"Because as much as you love your kids,
they are God's children,
and the battle for their hearts, their minds,
and their lives is HIS." -Kathi Lipp
It's been several weeks since I last posted. After first getting our placement, I was so busy helping the kids adjust and get into a routine that I had no desire to take time away from them to post. Later, we discovered that there really is a "Honeymoon Phase" with foster kids... which happens to be something they neglected to teach us about in our MAPP training. They warned us about all the worst case scenarios, but they didn't tell us we needed to be prepared for the sudden swing from manageable behaviors to the completely out of control, off the rails child. This was when I had a very strong desire to post, but literally did not have the time because the kids suddenly required 24/7 line of sight supervision, and Dear Husband and I were swapping shifts back and forth so we could each squeeze in a few hours of sleep, whenever possible.
We had a sibling group of three that we were absolutely committed to keeping together, as we were told we were the only foster home in our county currently able to do so. We had a lot of edges to smooth out on our kids, but that's to be expected when they come from the environment they did. They adjusted relatively easily, with lots of unconditional love and patience, but we were blissfully unaware of the true damage underneath all the layers of their little hearts and personalities. The oldest of the siblings turned out to be a special case, requiring more attention than we could give her with three other kids in the house. I truly wish our experience could have gone differently.
We did end up having to displace the oldest, meaning we asked that she be removed from our home and placed with another family where she could be an only child and receive the extra attention she needs. However, we did manage to part ways on good terms, despite the circumstances. It was hard to know what to expect from her, and as a result, I ended up with quite a few bruises and battle scars, physically and emotionally. We tried everything to make it work, but we couldn't correct the purposefully destructive behaviors and maintain 24/7 line of sight supervision (long-term) on three kids in two to three separate rooms at all times (plus Red, a teenager in the thick of those classic teen years). We could feel our hearts pulling towards displacement, not wanting it, but knowing it was best for our family. Our heads fought for another few weeks, until we reached our tipping point, where our heads and hearts were suddenly in alignment. I put in the request to meet with the children's case worker in person to give her the news. We kept her well informed on the issues we were facing throughout, so she only had one question for me. "Do you need me to move her today?" I almost took her up on the offer, but I knew that we needed some closure and I tend to be a stickler for the rules, so I told her no, we were just giving our two weeks notice the state requires. It took well over a month for a home to be found.
A few days before the move, we found out I was pregnant and had an infection in my already "resting" kidneys (not failing, just taking a little break). I was sick, trying to wrap my head around the reality of being pregnant, preparing for our foster daughters departure, and someone told our foster daughter about her pending displacement, something she wasn't supposed to know about until we were in the therapists office at the end of the week, something this person knew full well. I felt so much guilt for needing to move her before, and watching her struggle through the fall out was absolutely gut wrenching. Luckily, the next day, she was able to calm down and we were able to let her help pack her things, which gave her some much needed closure. As frustrated as I was in the moment, the Lord knew she needed the extra time to adjust to the move, instead of being whisked from our home to another without notice as the agency had originally intended.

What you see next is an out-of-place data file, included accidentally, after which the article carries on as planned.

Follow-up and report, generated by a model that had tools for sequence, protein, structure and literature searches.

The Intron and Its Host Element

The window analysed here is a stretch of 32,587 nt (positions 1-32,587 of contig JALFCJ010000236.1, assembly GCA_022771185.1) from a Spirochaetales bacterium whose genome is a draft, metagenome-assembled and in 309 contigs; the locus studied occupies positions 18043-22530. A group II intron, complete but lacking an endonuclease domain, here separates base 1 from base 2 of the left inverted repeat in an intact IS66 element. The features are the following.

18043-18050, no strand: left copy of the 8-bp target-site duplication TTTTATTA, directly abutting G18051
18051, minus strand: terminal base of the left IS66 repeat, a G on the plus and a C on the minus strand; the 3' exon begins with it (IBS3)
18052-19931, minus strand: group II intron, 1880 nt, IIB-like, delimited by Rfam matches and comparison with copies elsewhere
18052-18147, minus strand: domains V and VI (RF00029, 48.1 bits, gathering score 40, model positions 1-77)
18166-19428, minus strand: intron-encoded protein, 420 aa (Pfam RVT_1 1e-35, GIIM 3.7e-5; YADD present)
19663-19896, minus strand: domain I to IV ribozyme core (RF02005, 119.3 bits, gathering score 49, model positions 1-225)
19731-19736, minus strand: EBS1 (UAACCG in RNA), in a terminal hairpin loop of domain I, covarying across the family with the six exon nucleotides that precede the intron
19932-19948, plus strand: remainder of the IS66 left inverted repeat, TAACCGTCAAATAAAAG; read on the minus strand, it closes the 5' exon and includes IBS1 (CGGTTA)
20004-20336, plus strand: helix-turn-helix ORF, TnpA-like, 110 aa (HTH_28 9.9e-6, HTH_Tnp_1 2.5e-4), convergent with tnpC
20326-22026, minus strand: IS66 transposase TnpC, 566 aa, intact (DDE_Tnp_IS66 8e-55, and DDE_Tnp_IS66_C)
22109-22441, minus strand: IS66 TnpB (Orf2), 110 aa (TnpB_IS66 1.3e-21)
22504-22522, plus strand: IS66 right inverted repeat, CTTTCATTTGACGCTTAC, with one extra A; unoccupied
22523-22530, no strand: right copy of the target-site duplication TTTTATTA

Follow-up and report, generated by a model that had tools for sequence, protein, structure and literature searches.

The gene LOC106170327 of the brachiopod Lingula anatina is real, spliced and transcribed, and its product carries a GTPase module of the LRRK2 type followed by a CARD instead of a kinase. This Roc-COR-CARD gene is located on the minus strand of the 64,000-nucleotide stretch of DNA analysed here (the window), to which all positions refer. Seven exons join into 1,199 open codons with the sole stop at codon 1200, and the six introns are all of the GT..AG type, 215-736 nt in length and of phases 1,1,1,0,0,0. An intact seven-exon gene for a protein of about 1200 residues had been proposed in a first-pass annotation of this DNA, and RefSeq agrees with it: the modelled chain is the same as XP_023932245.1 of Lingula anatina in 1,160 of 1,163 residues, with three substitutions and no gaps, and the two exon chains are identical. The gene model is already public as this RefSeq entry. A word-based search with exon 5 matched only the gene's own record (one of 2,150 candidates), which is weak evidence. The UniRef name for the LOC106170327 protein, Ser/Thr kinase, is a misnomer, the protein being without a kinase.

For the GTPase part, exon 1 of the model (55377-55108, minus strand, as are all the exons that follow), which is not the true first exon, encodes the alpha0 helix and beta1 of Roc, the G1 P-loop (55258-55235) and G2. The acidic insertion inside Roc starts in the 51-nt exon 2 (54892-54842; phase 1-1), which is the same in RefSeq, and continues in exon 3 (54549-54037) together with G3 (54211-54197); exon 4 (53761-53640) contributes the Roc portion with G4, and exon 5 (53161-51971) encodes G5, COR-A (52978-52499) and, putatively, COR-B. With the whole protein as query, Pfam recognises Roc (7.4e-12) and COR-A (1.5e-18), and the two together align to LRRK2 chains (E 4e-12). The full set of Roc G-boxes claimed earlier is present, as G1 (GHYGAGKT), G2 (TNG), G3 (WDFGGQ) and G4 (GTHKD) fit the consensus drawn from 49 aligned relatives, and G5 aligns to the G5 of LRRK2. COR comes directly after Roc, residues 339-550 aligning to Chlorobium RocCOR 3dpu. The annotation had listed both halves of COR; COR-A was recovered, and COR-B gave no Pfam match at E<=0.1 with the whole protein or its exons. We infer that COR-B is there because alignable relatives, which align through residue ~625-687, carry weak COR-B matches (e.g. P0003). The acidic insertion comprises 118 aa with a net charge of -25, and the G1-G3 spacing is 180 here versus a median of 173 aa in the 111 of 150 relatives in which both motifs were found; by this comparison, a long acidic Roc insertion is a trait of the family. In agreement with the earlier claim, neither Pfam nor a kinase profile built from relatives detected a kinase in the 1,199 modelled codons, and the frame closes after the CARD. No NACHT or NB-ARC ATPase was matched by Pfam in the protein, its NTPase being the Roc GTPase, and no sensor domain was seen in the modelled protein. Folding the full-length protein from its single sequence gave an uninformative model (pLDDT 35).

Not even 12 hours after the move, several things happened that dissolved my internal struggle and guilt about the situation almost immediately. Even though I can't really expand on what those differences are, I can say that our home is a completely different place now. Turns out we were all feeling the stress, but didn't notice how toxic an environment our house had become until it suddenly wasn't anymore.
It's hard to not kick myself for holding on and trying to make it work for so long. I've learned that, if you let it, the guilt will consume you. That's not something I'm willing to let happen to me. I make it a conscious effort to move forward each day, literally taking it one day at a time. There's no other way to do it. When you know the plan is reunification, and we're never guaranteed to have these kids or a chance to do better tomorrow, we have to do the best we can today. Guilt comes with the territory because we always want to be able to do more, but we are often bound by rules, regulations, court orders, social workers' busy schedules, bio family's actions/attitudes/religious preferences, etc. We have to be able to accept that our best is enough, and that the Lord will handle the rest.
When we notified the agency I am expecting, they asked how soon we want the other kids moved, and were taken back when I informed them we're keeping the kids. We plan to continue fostering and there's no need to move the kids, unless they or the bio family have an issue with us continuing to foster these particular children. So far, no complaints from either the agency or bios, so we are moving along, staying busy, and doing what we can to prepare for all the chaos that will be headed our way over the next few months. We lead a very messy, but uniquely beautiful life. All of the rough patches make the good that much sweeter, and for that I am truly beyond blessed and grateful.